The world’s richest nations are banning gold imports from Russia
US President Joe Biden announced Sunday that the United States will ban Russian gold, the country’s second most valuable export after energy. Gold exports were worth £12.6 billion ($15.5 billion) to the Russian economy in 2021, according to the UK government.
Biden and fellow G7 leaders are currently meeting in Germany to discuss new ways of punishing the government of President Vladimir Putin over the invasion of Ukraine, while trying to limit the fallout on a stressed global economy.
“The United States has imposed unprecedented costs on Putin to deny him the revenue he needs to fund his war against Ukraine,” Biden said in a tweet on Sunday. “Together, the G7 will announce that we will ban the import of Russian gold, a major export that rakes in tens of billions of dollars for Russia,” he added.
British Prime Minister Boris Johnson said Sunday that the ban will hit Putin hard.
“The measures we have announced today will directly hit Russian oligarchs and strike at the heart of Putin’s war machine,” Johnson was quoted as saying in a statement issued by Downing Street on Sunday.
London trade was already suspended
The sanctions will have a “huge impact on Putin’s ability to raise funds,” the press release added.
The import ban will apply to newly mined or refined gold, Downing Street said. But it does not impact gold mined in Russia and previously exported from the country.
Russia’s gold exports had already been shunned by some key market players since the invasion of Ukraine on February 24.
The London Bullion Market Association (LBMA), which regulates the world’s largest and oldest market for trading physical gold and silver, suspended dealing by all six Russian gold miners and refineries on March 7.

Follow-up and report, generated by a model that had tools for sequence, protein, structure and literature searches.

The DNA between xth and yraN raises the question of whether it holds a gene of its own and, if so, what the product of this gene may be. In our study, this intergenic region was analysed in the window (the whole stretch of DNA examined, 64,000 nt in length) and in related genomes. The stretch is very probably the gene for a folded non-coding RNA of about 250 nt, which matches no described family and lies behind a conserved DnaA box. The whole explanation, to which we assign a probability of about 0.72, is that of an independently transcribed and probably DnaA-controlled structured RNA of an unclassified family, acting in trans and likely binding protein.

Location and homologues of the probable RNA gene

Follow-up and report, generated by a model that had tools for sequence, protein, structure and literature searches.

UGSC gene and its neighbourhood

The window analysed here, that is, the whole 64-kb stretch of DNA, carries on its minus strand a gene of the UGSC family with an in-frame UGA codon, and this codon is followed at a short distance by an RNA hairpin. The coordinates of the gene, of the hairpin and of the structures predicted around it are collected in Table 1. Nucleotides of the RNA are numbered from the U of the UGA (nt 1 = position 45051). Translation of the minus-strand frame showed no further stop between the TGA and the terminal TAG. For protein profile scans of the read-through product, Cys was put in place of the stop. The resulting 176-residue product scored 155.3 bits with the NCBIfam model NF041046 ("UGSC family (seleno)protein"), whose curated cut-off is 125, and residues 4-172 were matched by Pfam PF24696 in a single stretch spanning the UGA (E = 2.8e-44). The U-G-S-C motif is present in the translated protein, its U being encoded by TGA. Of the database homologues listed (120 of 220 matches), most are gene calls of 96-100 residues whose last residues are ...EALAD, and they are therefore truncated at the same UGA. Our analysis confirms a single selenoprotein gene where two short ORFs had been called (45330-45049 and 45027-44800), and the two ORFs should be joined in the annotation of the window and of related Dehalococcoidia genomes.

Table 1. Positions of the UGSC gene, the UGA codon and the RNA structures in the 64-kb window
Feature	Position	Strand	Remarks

The G7 is expected to formally announce the ban on Tuesday. Canada and Japan are already on board, according to the UK statement. Meanwhile, some European nations want further discussions on the potential impact.
German Chancellor Olaf Scholz told broadcaster ZDF on Monday that talks on an import ban are ongoing and need to be held with European Union partners, Reuters reported Monday.
Opportunity for India?
The price of gold rose 0.5% to $1,836.03 on Monday. However, analysts said that the ban would not have a significant impact on the longer term outlook for gold prices.
“Gold booked a very modest gain on the back of the announcement but it is nothing that will structurally change the directional outlook for gold,” said Jeffrey Halley, senior market strategist for Oanda, on Monday.
“In reality, this is a mere rubber-stamping exercise of unofficial policies already in place,” he added.
In India, which is one of the world’s largest markets for gold, analysts were unfazed.
“We believe that the impact will be fairly limited for the international markets as flows have already been restricted by previous sanctions,” said Sriram Iyer, senior research analyst at Reliance Securities, referring to the March action by the LBMA.
India is the world’s second largest buyer of gold after China, and analysts say that economic conditions will have a bigger impact on their consumption patterns.
“The ban could create a supply shortage due to the unavailability of Russian gold,” said Iyer.
But this would not be a major driver of markets, he said.
“We believe that current macro-economic conditions of higher interest rates and global recession expectations will have a bigger impact on market sentiment,” Iyer added.
Megh Mody, commodities and currencies research analyst at Mumbai-based brokerage Prabhudas Lilladher, said that there might even be “an opportunity” for India to get gold from Russia at a cheaper rate.
“It will be an opportunity to see if like crude, gold can be available in ruble,” he said. “If it happens, India can receive gold at a discounted rate.”
The South Asian country has been snapping up Russian oil at a hefty discount since the war started.
— Allie Malloy and Manveena Suri contributed to this report.
™ & © 2022 Cable News Network, Inc., a WarnerMedia Company. All rights reserved.